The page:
The Convention on the Rights of the Child is the first legally binding international instrument to incorporate the full range of human rights—civil, cultural, economic, political and social rights. In 1989, world leaders decided that children needed a special convention just for them because people under 18 years old often need special care and protection that adults do not. The leaders also wanted to make sure that the world recognized that children have human rights too.
The four core principles of the Convention are non-discrimination; devotion to the best interests of the child; the right to life, survival and development; and respect for the views of the child. By agreeing to undertake the obligations of the Convention (by ratifying or acceding to it), national governments have committed themselves to protecting and ensuring children's rights and they have agreed to hold themselves accountable for this commitment before the international community. States parties to the Convention are obliged to develop and undertake all actions and policies in the light of the best interests of the child. - Adapted from UNICEF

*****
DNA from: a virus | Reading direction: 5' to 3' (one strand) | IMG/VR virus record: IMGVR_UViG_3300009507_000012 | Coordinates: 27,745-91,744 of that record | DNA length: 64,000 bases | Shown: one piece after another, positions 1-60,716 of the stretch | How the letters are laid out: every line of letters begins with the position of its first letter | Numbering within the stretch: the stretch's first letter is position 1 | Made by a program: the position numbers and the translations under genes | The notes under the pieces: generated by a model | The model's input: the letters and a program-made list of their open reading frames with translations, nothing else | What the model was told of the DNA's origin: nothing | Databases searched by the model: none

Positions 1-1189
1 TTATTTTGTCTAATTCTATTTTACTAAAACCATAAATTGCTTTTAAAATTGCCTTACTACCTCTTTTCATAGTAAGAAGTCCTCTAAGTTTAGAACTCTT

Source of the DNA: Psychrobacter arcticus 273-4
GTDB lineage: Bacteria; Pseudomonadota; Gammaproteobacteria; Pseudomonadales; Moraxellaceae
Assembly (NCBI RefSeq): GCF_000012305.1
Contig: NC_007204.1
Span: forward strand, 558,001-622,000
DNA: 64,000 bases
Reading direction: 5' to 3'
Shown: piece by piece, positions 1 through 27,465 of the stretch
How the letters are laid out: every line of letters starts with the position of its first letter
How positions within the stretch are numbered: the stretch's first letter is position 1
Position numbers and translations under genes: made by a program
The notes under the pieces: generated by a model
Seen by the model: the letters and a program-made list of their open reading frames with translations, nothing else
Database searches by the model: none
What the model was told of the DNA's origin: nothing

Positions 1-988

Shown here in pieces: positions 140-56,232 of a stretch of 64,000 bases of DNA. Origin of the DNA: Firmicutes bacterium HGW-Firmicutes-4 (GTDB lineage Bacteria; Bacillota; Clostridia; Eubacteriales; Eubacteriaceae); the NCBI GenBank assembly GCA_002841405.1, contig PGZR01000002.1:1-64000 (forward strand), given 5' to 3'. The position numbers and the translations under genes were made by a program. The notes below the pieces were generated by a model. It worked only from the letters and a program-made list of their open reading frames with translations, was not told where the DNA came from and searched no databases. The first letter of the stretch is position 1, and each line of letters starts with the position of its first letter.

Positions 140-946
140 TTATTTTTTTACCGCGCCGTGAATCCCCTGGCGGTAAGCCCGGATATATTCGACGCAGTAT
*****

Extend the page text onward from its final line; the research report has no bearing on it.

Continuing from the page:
The United Nations Convention on the Rights of the Child was not written in language that could easily be understood by the children it was written for! Therefore, various international non-government organizations (NGOs) have written out each of the articles in a child-friendly language. This version, done by Save the Children, is a one page document written in slightly more simplistic language than the UNICEF pamphlet but does not contain any illustrations or graphic representations.
The UNICEF version is a 2-page handout that when printed front and back on a piece of paper can be folded in to a compact brochure. Contains graphic descriptions of some of the articles.
This is the original language of the CRC. You can also find it, along with various translations at: http://www2.ohchr.org/english/law/crc.htm